- Dueling education reform bills, SB 361 introduced by Sen. Phil Berger and HB 719, introduced by Rep. Rick Glazier, offer sweeping changes to how teachers are treated and schools are assessed. The Senate bill does away with teacher tenure and puts forth specifications for the A-F school grading system, which many say is a thinly veiled set up for charter schools to come into school districts and attract students who are at “failing schools.” The House bill has provisions that are friendlier to teacher tenure and incorporate a school’s growth over time into its grade.
These education reform bills come at a time when school privatization efforts are sweeping the nation. Many other states have introduced or passed similar bills aimed at providing students and families a choice when public education is failing to serve their needs.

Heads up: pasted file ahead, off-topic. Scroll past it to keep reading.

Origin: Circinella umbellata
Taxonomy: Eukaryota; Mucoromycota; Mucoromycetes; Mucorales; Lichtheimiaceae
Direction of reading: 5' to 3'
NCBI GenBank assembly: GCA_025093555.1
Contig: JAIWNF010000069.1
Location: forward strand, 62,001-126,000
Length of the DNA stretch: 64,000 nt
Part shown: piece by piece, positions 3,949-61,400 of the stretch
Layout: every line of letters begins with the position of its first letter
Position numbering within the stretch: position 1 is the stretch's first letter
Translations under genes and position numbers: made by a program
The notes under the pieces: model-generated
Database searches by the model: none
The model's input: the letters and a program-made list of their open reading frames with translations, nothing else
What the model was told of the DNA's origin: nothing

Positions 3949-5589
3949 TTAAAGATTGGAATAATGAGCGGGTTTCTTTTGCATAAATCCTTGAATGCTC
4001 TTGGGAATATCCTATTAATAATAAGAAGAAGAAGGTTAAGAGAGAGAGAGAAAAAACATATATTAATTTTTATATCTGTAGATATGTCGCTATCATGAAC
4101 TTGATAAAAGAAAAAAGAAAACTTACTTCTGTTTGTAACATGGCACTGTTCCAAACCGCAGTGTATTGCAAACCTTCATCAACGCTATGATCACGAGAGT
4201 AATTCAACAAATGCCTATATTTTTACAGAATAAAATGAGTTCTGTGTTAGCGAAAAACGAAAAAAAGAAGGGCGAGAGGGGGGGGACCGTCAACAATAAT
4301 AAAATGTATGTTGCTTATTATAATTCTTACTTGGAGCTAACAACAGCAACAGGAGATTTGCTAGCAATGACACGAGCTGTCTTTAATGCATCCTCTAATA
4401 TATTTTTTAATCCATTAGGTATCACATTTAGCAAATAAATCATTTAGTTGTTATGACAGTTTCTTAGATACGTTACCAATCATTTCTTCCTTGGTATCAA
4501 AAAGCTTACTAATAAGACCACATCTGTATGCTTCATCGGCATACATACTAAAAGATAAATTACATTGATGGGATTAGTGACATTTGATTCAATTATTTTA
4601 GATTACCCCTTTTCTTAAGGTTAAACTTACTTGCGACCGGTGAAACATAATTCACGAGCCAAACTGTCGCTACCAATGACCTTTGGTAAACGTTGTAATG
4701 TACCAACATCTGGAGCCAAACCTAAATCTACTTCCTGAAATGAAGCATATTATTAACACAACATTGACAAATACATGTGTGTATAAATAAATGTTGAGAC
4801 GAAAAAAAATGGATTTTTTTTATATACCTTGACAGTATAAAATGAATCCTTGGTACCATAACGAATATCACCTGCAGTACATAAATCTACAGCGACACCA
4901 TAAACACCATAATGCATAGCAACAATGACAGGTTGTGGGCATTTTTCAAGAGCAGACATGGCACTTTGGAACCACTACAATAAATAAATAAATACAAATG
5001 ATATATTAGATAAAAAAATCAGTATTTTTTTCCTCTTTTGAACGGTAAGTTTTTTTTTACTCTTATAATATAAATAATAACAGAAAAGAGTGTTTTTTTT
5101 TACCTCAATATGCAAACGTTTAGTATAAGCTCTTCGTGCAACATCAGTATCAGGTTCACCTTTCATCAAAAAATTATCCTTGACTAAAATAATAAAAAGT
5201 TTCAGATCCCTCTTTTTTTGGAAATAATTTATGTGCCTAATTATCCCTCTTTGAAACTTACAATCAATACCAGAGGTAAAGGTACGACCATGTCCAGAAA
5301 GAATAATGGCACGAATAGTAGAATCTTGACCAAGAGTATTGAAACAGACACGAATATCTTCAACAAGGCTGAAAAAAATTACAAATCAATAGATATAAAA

At the same time, state-level investment in public education has plummeted across the country as many states face contracted budgets. Budget cuts have left many schools in North Carolina scrambling to provide the resources students and teachers need to be successful in the classroom.
Chicken or the Egg?
While it appears that none of the lawmakers or those who contributed to their campaigns has violated any campaign finance laws, the question remains: how does the average voter discern whether or not their elected representative is championing an issue she truly cares about, or if the money associated with that issue – and her prospects for reelection – is what is driving her agenda?
This story has been updated to reflect that Doug Tuthill, not John Kirtley, received $165,995 in compensation from Step Up for Students. We regret the error.